Mail: January 2003
Leader or Lout?
The Nurturers versus the Nasties: let's get ready to rumble! Scores wrote in to lambaste the tough-guy antics of Thomas Charlton, the zero-tolerance CEO of Tidal Software, who was featured on November's cover. But those of a rougher hew celebrated his style as a return to a time before management had gone soft.
In November you ran an article about a CEO and ex-boxer whose "new" approach involves intimidation to motivate his workforce. His enlightened philosophy: either improve business or scram. I guess I'm doing it all wrong. I respect my employees; I sit down and listen to them regularly -- to all of them, from the part-time warehouse helpers to the top managers. I've tried to foster a calm workplace where people respect each other. I had no idea I was supposed to throw things and drive people to the edge to get them to do what they do for my business already.
Dr. David L. Paulson
Genoa Business Forms Inc.
I think that Thomas Charlton's company is a success because all his employees are motivated to perform. He stresses right up front that everyone is required to perform and work extra hours. No one gets a free ride under Charlton, unlike the situation at companies that thrive on favoritism and good ol' boy networks.
But I would caution against being too single-minded in this approach. Remember, boxing isn't brawling. There can be a chess match in the ring that requires patience and adaptation. A good fighter doesn't keep throwing punches wildly when he's not hitting his opponent.
Bernard M. Aguirre
Customer Care Specialist
In the short term, driving employees to work 70 hours a week raises productivity. In the long term, it leads to burnout, wrecked marriages, and high turnover. Charlton probably imagines that he's another George Patton. What he doesn't understand is, Patton was in a life-or-death struggle on the battlefield; Charlton is not. Charlton is young; he still has a lot to learn.
Paragon Industries Inc.
Editor's note: On November 8, Tidal Software announced that founder Gary Leight was replacing Charlton as CEO. Charlton says he will start another software company.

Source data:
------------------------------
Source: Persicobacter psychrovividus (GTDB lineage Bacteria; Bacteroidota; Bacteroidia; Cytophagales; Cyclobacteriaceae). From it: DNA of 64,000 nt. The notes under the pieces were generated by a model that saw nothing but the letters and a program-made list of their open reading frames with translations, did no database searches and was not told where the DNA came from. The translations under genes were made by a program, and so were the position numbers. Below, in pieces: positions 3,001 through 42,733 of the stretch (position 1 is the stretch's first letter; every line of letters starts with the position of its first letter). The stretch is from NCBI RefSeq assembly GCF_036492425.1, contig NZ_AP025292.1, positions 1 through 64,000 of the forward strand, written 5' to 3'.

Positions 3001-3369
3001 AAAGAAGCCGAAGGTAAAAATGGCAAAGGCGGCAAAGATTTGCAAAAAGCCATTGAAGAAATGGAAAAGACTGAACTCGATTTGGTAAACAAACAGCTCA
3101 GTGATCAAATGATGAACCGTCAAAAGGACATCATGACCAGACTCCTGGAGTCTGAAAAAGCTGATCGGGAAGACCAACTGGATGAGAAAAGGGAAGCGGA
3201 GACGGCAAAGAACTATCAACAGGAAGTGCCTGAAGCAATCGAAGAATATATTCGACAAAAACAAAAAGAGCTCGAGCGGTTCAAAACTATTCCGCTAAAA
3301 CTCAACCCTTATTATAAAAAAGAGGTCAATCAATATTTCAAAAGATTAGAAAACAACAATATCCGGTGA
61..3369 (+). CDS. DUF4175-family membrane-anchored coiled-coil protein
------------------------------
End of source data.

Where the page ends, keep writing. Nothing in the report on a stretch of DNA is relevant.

The Myth of Me Inc.
In November, John Case's " Trading Places" debunked the once-ballyhooed promise of a Free Agent Nation. The dream of independence has a dark side, wrote Case.
I've been successfully self-employed for more than 21 years and didn't see any reflection in Case's article of my motives. Self-employment is about freedom. I don't have to kiss ass, sit through stupid meetings, or play political games. I can shift my professional focus without having to get permission from anyone. I can work whatever schedule I want, charge what I feel like charging, and take off for a walk whenever I want. I get ahead primarily because of the quality of my work and not my hairstyle, my lifestyle, my politics, or my personality. My age and gender are not issues in any way. I have never heard of any job where all those things are true. Give me self-employment or give me death.
Author and Consultant
I enjoyed "Trading Places," but the " Tale of Two Designers" sidebar on page 80 doesn't make sense. When the employer provides a benefit, the benefit is additional compensation. When self-employed people purchase the same benefit, you can't merely deduct it from what they make -- you are doubling the difference.
Jim Halpin, CPA
John Case replies: Thanks to readers who pointed out that we overstated the financial difference between working as an employee and working on your own. The employee does receive extra compensation like insurance, plus noncash benefits like office space and equipment. The self-employed person does pay for those. But we counted the difference twice and wound up with a $40,000 difference rather than the correct figure of $19,000. That's still a hefty sum, and it still remains that free agents get no vacation pay or bonuses, often can't get unemployment or disability insurance, and must manage their own offices rather than rely on internal support departments. So we stand by our point: it's a tough life.